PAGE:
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Is Anonymous trying to get a CEO jailed or fined?

The hacking group Anonymous hacked security contractor Stratfor, stealing its customer list including names, addresses, and credit card numbers, which they then used to go on a charity shopping spree.

My former boss’ wife asked him on Facebook what these guys want. And that brought a CISSP question to mind.

Perhaps the most fundamental of CISSP questions is why should CEOs and other C-level executives care about computer security, and why should computer security consultants work and report directly to those executives, rather than being part of the IT department?

The biggest answer lies in the 1991 Federal Sentencing Guidelines. If executives fail to do reasonable, prudent things to protect customer data–like put firewalls in place and encrypt databases–they personally face imprisonment or fines of up to $290 million. That’s enough to make even the most overpaid CEO take notice. That makes them willing to employ one or more security experts–presumably at least one of them would be a CISSP–to tell them how to protect their data, and to make the IT department listen to what these experts are saying.

And that should be a pretty convincing argument, I would think.

The question is whether this textbook answer actually works in the real world, and if it works selectively or consistently. I’m sure that Anonymous and many of the Occupy movement believe it only works selectively, if at all. When was the last time you heard of a sentence like that being handed down?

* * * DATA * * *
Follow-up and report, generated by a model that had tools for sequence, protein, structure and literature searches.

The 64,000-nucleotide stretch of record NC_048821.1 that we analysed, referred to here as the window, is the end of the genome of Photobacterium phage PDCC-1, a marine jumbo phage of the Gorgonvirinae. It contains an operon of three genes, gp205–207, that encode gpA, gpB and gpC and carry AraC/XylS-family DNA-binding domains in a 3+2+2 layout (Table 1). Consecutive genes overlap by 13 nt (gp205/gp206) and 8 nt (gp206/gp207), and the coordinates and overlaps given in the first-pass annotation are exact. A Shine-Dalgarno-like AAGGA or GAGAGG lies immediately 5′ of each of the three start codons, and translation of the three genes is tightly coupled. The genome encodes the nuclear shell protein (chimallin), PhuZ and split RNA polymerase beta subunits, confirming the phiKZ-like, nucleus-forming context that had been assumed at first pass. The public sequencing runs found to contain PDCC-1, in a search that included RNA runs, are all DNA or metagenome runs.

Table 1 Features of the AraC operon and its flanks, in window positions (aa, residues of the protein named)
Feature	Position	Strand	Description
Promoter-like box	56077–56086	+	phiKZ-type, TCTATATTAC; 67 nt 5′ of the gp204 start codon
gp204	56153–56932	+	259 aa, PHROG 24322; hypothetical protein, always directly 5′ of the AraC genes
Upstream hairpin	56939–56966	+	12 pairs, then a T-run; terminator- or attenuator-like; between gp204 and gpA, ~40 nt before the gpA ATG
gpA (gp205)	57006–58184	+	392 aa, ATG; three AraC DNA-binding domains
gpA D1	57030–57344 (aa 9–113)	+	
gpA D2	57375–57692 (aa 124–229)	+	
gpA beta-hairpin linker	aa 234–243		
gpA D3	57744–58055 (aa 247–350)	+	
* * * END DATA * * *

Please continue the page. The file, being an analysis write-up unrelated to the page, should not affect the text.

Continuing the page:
Perhaps Anonymous’ motivation for pointing out that the database wasn’t even encrypted is to signal to authorities that Stratfor didn’t meet its obligations under the law.

Calling Stratfor’s upper management to account for neglecting to encrypt its database of customer records won’t necessarily stop Anonymous immediately. But it will take away Anonymous’ claim of any moral high ground. It would erode whatever public support the group has, and likely cause some of the group’s participants to drop out.

While not likely that any members of Anonymous are CISSPs–such activity is a good way to lose your certification–undoubtedly many members of Anonymous are familiar with what’s on the exam and in the books.

I don’t know if that’s their motivation, but it’s interesting to think about.

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